The hard work from the JHD coaches comes off the ice too. Not only are they working to improve their coaching skills, but they commit to doing everything in their power to help each player succeed.

That work starts by building a relationship with an athlete, which comes from a lot of time spent on and off the ice. From there, they can work the with team that each player is on, or is striving to get on, to find out exactly what is best for their development.

“We really put in the effort to connect with any player that comes through our doors and help them achieve their goals,” noted Cameron. “Whether that’s a phone call to their team’s general manager to find out exactly what their expectations are, whether that’s watching a game and compiling some video for them, or sitting down and chatting with them; we do whatever it takes to build that relationship and help them.”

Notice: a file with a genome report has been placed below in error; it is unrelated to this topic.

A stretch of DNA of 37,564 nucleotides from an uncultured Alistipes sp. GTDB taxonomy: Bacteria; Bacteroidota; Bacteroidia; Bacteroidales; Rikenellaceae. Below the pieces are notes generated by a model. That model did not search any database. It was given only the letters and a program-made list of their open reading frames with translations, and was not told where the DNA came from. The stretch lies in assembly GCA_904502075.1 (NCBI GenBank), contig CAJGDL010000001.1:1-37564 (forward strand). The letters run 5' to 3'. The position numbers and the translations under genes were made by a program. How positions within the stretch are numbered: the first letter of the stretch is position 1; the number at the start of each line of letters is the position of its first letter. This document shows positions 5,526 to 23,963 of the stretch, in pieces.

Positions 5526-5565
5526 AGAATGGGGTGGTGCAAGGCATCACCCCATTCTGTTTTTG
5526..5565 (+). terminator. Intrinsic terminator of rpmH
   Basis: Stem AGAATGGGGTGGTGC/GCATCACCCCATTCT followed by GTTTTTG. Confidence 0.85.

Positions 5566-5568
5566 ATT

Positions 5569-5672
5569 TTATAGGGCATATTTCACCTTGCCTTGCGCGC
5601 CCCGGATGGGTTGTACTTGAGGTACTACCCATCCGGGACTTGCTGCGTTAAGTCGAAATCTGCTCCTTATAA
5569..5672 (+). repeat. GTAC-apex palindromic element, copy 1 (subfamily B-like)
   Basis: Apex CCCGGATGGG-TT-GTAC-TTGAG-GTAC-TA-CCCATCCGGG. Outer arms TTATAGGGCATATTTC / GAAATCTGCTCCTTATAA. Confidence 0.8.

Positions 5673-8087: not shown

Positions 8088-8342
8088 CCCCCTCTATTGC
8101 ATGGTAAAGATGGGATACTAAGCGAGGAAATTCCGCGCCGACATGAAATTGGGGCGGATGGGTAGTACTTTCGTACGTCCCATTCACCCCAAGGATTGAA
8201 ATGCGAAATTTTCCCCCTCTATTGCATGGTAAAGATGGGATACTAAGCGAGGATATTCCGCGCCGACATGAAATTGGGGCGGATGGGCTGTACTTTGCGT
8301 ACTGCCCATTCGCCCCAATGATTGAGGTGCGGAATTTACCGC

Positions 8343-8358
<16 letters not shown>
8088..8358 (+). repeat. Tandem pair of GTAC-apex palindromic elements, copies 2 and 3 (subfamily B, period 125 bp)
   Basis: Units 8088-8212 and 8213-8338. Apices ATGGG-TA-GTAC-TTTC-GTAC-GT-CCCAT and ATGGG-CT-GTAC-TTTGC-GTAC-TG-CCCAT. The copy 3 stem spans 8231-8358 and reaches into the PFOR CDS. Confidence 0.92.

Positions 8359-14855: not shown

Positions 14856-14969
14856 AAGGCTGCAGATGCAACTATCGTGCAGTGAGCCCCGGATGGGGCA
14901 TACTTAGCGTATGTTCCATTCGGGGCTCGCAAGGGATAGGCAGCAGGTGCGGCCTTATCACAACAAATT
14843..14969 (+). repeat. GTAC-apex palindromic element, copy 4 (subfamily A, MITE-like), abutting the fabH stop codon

The JHD coaches have seen this year’s WHL draftees put in a lot of work to this point in their hockey careers, but they are even more excited to continue training with each player, and see them put in the work that allows them to make their junior teams and beyond. Watching that development and seeing players succeed is the best part of the job for Cameron, Court and the JHD team.

“We aren’t just a team of coaches,” said Court. “We’re people of trust. People trust our experiences to help them with their decisions. When the players are here working with JHD, the commitment level that is given to them by our team, with a pre-planned strategy for their skill development, is already in place. It’s now up to them to put in the work.”

Though Jets Hockey Development’s regular programing has been paused due to COVID-19, please visit https://www.bellmtsiceplex.ca/jets-hockey-development/ to find out more about all of their offerings that you can take advantage of once hockey programs are permitted to be up and running.

If you have any specific questions about Jets Hockey Development, please reach out to Dave Cameron at dcameron@tnse.com or Dean Court at dcourt@tnse.com.